15th January 2009, 22:23
The macro "problem" also exists under C, yet no one has ever complained about it except in regards to C++. But no matter, Trolltech will be adding an exception covering this. It will be safe for you to use QList!

15th January 2009, 22:58
I am not afraid of using any part of Qt covered by a LGPL license, I just wanted to point out that discussion to you. And hopefully to Qt Software, too, as they are mainly affected by this discussion, too. I am definitively sure that Qt Software will handle any of these questions!

The point whether anyone has complained about it or not is irrelevant, as this can become a licensing issue anytime.

Licensing can be quite a complicated issue

16th January 2009, 08:55
Let's not be paranoid :)

16th January 2009, 12:53
Don't worry, they are aware of the issue and the legal are working out the correct exception note for templates/inlines as they have blogged about on qt labs.

16th January 2009, 20:06
Licensing can be quite a complicated issue

Only if you let it!

For some reason programmers like to decompile legal documents down to a ridiculous level. Not only are they missing the forest for the trees, they're missing the tree for the leaves!

16th January 2009, 20:20
they're missing the tree for the leaves!

Or maybe the leaves for the bugs sitting on them ;)

What is most important LGPL means new programmers using Qt which in turn means more benefits for people already experienced and at the same time means new users, applications and frameworks based on Qt, which means better quality of the product and more functionality (which again is for our benefit).

Hopefully it will also mean bigger QtCentre community ;)

16th January 2009, 21:07
For some reason programmers like to decompile legal documents down to a ridiculous level.

You can never be too thorough with legal documents. There might just be a lawyer waiting for you not to be ;) And the "problem" with LGPL 2.1 is quite valid, as can be seen by the fact that it is addressed in LGPL 3 and will be addressed by the Trolls.

Besides, with the abundance of licenses out there you'd better know what you are doing when using some third-party code. Sometimes I get the feeling that every company releasing something as OSS creates it's own license ;) Fortunately, only a few of them are used by the vast majority of projects.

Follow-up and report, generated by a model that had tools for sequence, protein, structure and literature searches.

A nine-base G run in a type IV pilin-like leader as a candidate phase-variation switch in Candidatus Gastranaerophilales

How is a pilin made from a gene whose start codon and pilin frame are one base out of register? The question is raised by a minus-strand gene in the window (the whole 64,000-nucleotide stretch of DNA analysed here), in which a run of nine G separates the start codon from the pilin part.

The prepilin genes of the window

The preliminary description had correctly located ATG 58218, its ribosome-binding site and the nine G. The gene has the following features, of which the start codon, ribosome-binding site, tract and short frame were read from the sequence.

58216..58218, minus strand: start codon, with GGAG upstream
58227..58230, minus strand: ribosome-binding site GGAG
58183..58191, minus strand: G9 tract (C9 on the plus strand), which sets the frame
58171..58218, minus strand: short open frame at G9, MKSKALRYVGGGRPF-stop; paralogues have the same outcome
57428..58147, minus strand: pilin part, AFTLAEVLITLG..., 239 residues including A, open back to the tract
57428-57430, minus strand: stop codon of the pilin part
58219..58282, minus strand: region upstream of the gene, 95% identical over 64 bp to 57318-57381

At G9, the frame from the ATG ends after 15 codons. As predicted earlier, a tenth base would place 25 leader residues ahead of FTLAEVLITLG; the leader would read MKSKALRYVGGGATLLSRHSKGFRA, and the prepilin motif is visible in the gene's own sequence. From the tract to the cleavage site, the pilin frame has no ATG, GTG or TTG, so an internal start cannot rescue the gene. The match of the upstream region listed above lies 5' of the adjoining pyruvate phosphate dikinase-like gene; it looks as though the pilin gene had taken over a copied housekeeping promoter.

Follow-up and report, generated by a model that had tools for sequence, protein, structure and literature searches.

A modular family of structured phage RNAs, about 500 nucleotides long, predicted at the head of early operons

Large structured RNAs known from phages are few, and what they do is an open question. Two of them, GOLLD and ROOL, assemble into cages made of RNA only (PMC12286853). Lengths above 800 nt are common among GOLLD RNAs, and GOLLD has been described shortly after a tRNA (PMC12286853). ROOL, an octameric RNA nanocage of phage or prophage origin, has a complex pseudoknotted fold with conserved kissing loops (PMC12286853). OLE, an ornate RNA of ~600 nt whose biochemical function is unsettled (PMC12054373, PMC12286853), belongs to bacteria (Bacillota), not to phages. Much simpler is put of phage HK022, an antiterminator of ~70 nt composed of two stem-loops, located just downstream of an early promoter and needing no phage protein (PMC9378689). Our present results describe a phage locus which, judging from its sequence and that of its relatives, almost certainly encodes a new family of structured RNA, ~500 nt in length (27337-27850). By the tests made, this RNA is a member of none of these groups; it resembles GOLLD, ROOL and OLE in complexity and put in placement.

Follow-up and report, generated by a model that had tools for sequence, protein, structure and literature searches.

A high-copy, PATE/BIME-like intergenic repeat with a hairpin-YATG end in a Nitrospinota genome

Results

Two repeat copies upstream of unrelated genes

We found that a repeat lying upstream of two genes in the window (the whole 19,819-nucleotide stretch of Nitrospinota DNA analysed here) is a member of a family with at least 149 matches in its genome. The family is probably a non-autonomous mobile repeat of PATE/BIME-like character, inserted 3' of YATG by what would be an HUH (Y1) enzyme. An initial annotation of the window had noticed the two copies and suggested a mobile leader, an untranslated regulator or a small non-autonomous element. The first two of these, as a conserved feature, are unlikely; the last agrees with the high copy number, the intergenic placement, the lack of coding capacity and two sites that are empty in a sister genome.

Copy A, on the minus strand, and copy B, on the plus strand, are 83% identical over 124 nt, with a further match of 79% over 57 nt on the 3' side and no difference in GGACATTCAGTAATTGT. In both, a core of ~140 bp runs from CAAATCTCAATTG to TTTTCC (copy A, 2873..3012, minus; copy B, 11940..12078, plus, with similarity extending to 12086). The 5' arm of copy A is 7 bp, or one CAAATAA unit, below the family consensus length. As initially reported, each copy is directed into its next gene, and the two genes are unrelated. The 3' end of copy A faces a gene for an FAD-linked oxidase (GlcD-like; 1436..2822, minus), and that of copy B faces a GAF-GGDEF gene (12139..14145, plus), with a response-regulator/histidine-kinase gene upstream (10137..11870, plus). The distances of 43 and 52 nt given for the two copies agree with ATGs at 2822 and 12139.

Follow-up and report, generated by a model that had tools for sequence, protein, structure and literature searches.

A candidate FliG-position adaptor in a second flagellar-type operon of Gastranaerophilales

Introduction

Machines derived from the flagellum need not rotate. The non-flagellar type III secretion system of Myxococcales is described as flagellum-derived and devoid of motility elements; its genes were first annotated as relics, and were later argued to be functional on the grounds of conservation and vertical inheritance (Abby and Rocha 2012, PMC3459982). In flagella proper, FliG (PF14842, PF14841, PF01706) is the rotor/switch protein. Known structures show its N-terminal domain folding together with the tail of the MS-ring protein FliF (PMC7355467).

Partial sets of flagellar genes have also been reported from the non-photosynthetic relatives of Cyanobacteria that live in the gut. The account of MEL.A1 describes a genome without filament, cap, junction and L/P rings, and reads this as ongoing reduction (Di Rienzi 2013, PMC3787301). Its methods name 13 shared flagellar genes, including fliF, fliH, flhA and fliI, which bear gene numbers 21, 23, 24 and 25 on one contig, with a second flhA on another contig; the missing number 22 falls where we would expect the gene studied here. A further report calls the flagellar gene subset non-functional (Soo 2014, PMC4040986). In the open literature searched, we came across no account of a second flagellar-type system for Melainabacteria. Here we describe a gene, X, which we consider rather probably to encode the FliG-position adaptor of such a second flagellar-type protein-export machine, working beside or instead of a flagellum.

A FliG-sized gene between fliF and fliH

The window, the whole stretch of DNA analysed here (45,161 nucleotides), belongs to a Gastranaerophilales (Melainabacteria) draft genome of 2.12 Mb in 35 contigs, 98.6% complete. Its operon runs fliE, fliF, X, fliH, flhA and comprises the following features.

16th January 2009, 21:59
Will they allow Visual Studio integration for 'everyone' then?

As Thiago stated in a blog comment (http://labs.trolltech.com/blogs/2009/01/14/nokia-to-license-qt-under-lgpl/), the VS Integration plugin will remain to be commercial-only for the time being.

16th January 2009, 23:06
You can never be too thorough with legal documents. There might just be a lawyer waiting for you not to be

Do you really think a developers' forum is the place to go to get legal advice? Don't listen to what other developers are saying, get yourself a lawyer. Other developers' lawyers don't count, it needs to be your own. Until then, stop spreading the fear, uncertainty and doubt.

17th January 2009, 13:15
I never asked for legal advice, I just wanted to point out an issue that came up in every discussion on the license change I have read so far.

17th January 2009, 14:33
You know I've read on one website's forum. People are still complaining about the LGPL. They want Qt to be BSD, MIT or whatever. Some people are never grateful for anything. I don't see why it should be BSD, MIT. What? They want to make a fork of it? Like the people over at wxWidgets wanting a wxQt o_O. Kinda retarded.

But hey look at it this way too. More people that move to Qt will probably find this site and join so more business for us ^_^

17th January 2009, 16:23
If they want to fork, they can do that with the GPL or LGPL edition as well as it was the case with Qt/Win and Qt3.

17th January 2009, 17:48
They basically just want the "do what the fuck you want" kinda license. No copyright left backs etc

17th January 2009, 21:17
There is nothing to stop them. They can start a new project, work on it and release in under DWTFYW licence. If it becomes better than Qt, that's fine.